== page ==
Is courage a virtue or is is simply the ability to conquer fear?

These options needn't be mutually exclusive, right? A common definition of virtue is "a habitual disposition to act in accordance with the good for its own sake." If courage is the ability to conquer fear, and conquering fear is good, then assuming that the ability is a habitual one and not some kind of flash-in-the-pan inspiration, the answer to your question would be "both." Aristotle counted courage as a virtue, and pointed out that virtue is found in the mean between the opposed extremes of deficiency and excess. The ability to overcome fear, if carried to excess, would not be the virtue of courage, but rather the vice of rashness.

I've noticed a difference between some eastern and western approaches to philosophy. Some eastern traditions seem to emphasize personal serenity and enlightenment through meditation, while some western traditions emphasize wisdom through curiosity, questioning, and thinking. My question is, which is the higher human good: serenity or wisdom? More concretely, which image represents the best in humanity: Buddha meditating or Socrates thinking and conversing on philosophic questions?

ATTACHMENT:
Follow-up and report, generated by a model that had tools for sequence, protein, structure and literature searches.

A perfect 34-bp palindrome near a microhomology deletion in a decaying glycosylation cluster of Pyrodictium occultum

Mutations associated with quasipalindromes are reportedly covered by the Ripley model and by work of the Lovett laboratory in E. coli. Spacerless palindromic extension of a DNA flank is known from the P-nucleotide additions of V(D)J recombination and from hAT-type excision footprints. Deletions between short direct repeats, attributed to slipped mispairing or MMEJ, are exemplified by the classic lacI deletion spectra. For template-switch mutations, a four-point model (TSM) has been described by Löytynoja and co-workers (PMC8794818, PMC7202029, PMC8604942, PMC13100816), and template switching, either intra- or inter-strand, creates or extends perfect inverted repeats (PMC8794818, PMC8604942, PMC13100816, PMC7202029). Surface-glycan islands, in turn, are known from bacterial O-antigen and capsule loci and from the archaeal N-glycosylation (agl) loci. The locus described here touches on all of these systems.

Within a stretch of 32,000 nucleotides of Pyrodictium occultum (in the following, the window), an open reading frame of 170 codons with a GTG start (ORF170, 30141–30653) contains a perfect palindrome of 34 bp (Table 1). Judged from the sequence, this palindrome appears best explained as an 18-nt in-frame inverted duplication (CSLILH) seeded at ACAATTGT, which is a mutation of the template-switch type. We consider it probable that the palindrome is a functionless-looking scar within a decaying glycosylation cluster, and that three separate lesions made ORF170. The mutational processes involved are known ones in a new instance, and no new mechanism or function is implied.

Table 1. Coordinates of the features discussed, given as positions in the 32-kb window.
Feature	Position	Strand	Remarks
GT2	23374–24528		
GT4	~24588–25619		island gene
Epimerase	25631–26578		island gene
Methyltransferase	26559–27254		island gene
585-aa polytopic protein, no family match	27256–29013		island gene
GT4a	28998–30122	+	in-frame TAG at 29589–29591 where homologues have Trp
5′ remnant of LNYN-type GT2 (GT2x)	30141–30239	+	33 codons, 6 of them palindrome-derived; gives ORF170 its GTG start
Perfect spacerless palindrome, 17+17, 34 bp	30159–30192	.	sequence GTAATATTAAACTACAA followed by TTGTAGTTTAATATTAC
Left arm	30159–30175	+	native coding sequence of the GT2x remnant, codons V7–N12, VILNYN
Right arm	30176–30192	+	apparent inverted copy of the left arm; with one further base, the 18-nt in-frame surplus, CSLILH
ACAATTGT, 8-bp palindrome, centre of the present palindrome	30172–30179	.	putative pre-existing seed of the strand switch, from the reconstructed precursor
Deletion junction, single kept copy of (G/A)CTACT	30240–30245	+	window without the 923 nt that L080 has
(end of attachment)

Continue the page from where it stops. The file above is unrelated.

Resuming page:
I'm thinking the best in humanity would encompass both; don't you agree? Serenity seems eminently compatible with wisdom, and some interpretations of Aristotle's eudaimonia (flourishing, roughly) characterize it as serene but active contemplation of wisdom. (I'm grossly oversimplifying on eudaimonia , but it is a well-known conception of the highest human good that accommodates much of what you suggest as opposed.)